IV. Bankruptcy Stay Provisions Do Not Extend or Toll the 10-Year Statute
Finally, we find that federal bankruptcy law does not compel a different result. Title 11 United States Code section 108(c) provides in pertinent part: “[I]f applicable nonbankruptcy law ․ fixes a period for commencing or continuing a civil action in a court other than a bankruptcy court on a claim against the debtor ․ and such period has not expired before the date of the filing of the petition, then such period does not expire until the later of-[¶] (1) the end of such period, including any suspension of such period occurring on or after the commencement of the case; or [¶] (2) 30 days after notice of the termination or expiration of the stay under [title 11 United States Code] section 362 [automatic stay]․”
However, the existence of an automatic stay under 11 United States Code section 362 does not trigger the suspension referred to in 11 United States Code section 108(c). (ECC Construction, Inc. v. Oak Park Calabasas Homeowners Assn. (2004) 118 Cal.App.4th 1031, 1038, 13 Cal.Rptr.3d 580.) This provision does not provide for tolling of any externally imposed time bars. It only provides for extending the applicable time deadlines for 30 days after notice of the termination of the 11 United States Code section 362 stay. “The reference in § 108(c)(1) to ‘suspension’ of time limits clearly does not operate in itself to stop the running of a statute of limitations; rather, this language merely incorporates suspensions of deadlines that are expressly provided in other federal or state statutes.” (Aslanidis v. U.S. Lines, Inc. (2nd Cir.1993) 7 F.3d 1067, 1073.)
In Simon v. Navon (1st Cir.1997) 116 F.3d 1, the court noted that defendant “has assumed that the mere existence of an automatic stay under § 362 triggers the ‘suspension’ referred to in § 108(c). This may be a common sense reading, but it is not the law. Collier Bankruptcy Manual sets forth the vital caveat to ‘such suspension’: [¶] ‘Such a suspension may result from either state or federal law․ [¶] ․ In some jurisdictions state law may dictate suspension of a statute of limitations when a bankruptcy or another court proceeding has stayed the initiation of an action. Such suspension would presumably be included within the terms of section 108(c), adding the entire duration of the automatic stay to the applicable time period. [Footnote omitted.] [¶] However, absent such a provision in state law, a statute of limitations or other deadline for an action against a debtor ․ is extended for only the second period set forth in section 108(c), 30 days after notice of the termination or expiration of the automatic stay․ Lawrence P. King, ed., 1 Collier Bankruptcy Manual, ¶ 108.04 at 108-14, 15 (3d ed.1996).” (Id. at p. 4.)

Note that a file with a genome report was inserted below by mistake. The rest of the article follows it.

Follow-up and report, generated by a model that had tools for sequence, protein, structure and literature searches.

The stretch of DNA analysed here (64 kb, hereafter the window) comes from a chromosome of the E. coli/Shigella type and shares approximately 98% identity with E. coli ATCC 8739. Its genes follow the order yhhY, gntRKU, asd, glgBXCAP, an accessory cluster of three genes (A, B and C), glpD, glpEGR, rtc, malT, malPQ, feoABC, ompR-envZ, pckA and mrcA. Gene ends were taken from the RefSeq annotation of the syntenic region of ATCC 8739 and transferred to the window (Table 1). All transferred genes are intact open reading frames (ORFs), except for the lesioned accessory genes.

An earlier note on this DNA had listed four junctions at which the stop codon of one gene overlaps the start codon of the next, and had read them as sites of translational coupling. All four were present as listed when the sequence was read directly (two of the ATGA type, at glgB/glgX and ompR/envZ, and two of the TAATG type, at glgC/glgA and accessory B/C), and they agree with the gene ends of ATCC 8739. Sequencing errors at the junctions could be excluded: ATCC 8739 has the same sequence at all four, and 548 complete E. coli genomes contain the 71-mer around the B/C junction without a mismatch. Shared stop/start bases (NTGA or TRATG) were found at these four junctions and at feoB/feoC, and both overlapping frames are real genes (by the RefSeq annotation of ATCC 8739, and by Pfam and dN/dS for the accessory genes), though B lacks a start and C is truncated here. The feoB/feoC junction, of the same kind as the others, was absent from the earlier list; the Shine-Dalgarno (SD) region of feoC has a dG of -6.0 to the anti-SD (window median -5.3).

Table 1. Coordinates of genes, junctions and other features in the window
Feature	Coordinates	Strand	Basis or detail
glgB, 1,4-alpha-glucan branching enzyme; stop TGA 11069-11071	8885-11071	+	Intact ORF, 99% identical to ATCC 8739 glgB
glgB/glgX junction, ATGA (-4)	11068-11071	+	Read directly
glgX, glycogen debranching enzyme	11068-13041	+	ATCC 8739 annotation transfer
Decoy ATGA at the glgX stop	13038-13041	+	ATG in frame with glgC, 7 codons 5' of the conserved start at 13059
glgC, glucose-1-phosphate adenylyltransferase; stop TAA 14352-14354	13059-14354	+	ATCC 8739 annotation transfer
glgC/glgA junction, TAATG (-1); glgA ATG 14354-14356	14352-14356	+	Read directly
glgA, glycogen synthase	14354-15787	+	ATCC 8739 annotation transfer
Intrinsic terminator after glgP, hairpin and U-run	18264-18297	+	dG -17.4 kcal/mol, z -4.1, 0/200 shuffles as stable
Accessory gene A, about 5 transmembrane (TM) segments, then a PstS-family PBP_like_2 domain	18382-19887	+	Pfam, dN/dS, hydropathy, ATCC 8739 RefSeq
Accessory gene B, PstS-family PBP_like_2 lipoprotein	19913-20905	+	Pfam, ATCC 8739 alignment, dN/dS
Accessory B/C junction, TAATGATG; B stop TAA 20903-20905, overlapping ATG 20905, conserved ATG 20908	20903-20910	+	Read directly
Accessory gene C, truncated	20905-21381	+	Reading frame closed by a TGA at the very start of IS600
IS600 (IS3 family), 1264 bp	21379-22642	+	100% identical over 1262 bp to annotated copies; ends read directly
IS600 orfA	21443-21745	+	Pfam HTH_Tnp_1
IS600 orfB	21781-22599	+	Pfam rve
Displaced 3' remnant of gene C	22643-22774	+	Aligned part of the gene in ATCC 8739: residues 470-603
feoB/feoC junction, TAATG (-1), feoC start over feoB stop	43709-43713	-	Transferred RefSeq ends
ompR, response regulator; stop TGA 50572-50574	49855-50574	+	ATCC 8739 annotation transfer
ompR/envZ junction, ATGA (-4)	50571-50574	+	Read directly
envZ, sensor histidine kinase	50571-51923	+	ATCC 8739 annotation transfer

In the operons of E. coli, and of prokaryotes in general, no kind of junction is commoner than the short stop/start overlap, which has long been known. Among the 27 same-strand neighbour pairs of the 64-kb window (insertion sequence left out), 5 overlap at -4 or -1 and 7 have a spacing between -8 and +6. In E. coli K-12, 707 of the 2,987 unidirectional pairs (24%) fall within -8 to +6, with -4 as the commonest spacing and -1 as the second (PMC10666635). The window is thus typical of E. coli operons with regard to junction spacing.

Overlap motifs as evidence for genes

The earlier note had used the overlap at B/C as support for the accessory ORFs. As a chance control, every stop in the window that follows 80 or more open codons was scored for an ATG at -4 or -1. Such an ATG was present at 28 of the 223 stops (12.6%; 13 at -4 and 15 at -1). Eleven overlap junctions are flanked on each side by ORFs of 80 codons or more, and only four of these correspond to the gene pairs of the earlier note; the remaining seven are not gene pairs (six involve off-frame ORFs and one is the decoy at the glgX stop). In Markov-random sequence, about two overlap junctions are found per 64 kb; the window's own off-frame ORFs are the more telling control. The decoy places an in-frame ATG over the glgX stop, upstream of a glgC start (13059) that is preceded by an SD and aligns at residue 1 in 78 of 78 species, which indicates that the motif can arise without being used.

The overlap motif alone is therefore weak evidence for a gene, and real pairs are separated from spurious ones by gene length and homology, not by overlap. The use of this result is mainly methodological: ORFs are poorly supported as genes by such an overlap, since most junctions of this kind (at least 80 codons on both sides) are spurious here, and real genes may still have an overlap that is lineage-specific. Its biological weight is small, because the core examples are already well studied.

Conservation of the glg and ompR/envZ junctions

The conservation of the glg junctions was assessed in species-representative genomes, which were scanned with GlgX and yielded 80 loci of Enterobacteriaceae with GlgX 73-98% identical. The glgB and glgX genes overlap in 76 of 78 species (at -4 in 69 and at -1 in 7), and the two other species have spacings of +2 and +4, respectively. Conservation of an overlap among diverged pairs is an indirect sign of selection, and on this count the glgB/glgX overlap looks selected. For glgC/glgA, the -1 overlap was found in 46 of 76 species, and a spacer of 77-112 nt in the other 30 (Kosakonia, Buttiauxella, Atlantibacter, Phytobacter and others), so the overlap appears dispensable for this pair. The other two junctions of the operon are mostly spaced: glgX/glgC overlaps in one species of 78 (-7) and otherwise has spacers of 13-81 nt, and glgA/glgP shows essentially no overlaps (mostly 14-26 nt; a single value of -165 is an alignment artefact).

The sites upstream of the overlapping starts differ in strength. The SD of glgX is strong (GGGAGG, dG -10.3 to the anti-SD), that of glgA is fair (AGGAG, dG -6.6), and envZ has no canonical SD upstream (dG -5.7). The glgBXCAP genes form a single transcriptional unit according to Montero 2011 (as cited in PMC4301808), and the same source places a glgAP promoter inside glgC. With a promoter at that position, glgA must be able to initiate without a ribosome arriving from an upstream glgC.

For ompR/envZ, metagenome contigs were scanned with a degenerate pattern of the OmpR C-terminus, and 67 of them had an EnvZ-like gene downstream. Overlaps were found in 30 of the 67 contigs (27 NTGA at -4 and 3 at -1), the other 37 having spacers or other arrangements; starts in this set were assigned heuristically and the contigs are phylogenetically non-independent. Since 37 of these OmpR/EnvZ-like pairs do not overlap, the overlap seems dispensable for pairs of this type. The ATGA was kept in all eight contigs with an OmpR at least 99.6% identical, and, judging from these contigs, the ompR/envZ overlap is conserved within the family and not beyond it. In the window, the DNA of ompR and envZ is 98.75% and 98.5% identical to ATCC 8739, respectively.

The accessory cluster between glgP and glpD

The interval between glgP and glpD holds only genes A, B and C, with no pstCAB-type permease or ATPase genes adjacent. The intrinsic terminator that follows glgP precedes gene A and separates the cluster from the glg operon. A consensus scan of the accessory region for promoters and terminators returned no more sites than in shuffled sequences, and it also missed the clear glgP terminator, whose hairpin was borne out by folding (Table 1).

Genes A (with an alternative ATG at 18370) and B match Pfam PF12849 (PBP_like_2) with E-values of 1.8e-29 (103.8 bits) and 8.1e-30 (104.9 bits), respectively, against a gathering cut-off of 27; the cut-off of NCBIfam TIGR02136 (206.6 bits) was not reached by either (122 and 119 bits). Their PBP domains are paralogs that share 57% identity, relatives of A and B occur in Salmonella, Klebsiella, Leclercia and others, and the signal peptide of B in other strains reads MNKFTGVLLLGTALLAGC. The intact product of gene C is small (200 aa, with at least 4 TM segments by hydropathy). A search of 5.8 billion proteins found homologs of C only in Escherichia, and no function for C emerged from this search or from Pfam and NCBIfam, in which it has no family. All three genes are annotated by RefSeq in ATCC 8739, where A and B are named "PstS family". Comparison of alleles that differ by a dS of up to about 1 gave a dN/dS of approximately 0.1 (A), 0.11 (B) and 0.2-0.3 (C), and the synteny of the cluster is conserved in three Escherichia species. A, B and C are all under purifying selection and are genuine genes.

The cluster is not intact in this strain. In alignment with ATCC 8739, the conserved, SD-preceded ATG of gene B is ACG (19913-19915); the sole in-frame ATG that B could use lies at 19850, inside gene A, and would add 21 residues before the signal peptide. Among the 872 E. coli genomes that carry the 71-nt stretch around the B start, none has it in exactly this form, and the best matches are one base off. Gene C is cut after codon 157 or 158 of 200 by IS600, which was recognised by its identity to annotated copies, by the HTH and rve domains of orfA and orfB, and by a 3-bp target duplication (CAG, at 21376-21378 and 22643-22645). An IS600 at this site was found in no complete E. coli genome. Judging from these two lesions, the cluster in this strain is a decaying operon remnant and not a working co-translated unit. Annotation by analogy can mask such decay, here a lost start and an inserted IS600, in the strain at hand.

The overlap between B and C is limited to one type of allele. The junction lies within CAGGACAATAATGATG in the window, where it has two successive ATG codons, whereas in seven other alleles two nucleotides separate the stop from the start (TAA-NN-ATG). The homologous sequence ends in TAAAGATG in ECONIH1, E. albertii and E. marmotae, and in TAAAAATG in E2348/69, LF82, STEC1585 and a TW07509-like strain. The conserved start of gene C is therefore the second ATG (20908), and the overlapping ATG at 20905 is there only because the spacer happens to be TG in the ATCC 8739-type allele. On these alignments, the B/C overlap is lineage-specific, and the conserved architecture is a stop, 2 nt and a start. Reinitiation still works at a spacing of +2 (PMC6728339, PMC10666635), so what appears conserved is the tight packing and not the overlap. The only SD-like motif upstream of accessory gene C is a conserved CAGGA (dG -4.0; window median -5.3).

In conclusion, federal bankruptcy law does not compel us to extend the 10-year period in section 337.15 for the 19 months petitioners were in bankruptcy. Contrast this to a situation where the defendant's bankruptcy was pending at the expiration of the 10-year period. In such a case, the period would be extended 30 days after the termination of the bankruptcy stay. (Cf. In re Spirtos (9th Cir.2000) 221 F.3d 1079, 1081 [finding § 108(c) applied to keep alive a California state judgment beyond the 10-year period provided by section 683.020 for renewing a judgment-what the court referred to as a statute of duration]; Kertesz v. Ostrovsky, supra, 115 Cal.App.4th at p. 377, 8 Cal.Rptr.3d 907.)
Citing Schumacher, supra, 55 Cal.App.4th 376, 64 Cal.Rptr.2d 1, plaintiffs assert that since they never received any notice of the termination of the bankruptcy, the 30-day period to bring their actions never commenced and, thus under section 108(c) all the actions are timely. Plaintiffs have misread the statutory requirements. The bankruptcy stay automatically expired when the bankruptcy court dismissed the action. (11 U.S.C. § 362(c)(2).) The bankruptcy court's order was entered on May 24, 2001, and the clerk mailed notice of the entry that same day. A claimant would have 30 days from that date to file suit. Unlike the situation in Schumacher, there was no indication that plaintiffs had a claim or possible claim against the bankrupt at that time, and, thus, there was no requirement that they be given notice of the bankruptcy court's order.
It would lead to absurd results to hold otherwise. As in this case, the bankruptcy proceeding was concluded years before the plaintiffs filed their actions and at a time when their claims were unknown and unforeseeable by Inco. To hold in effect that the suspension of the limitations period continued as to these plaintiffs, merely because they were not given notice of termination would be a result serving no rational purpose.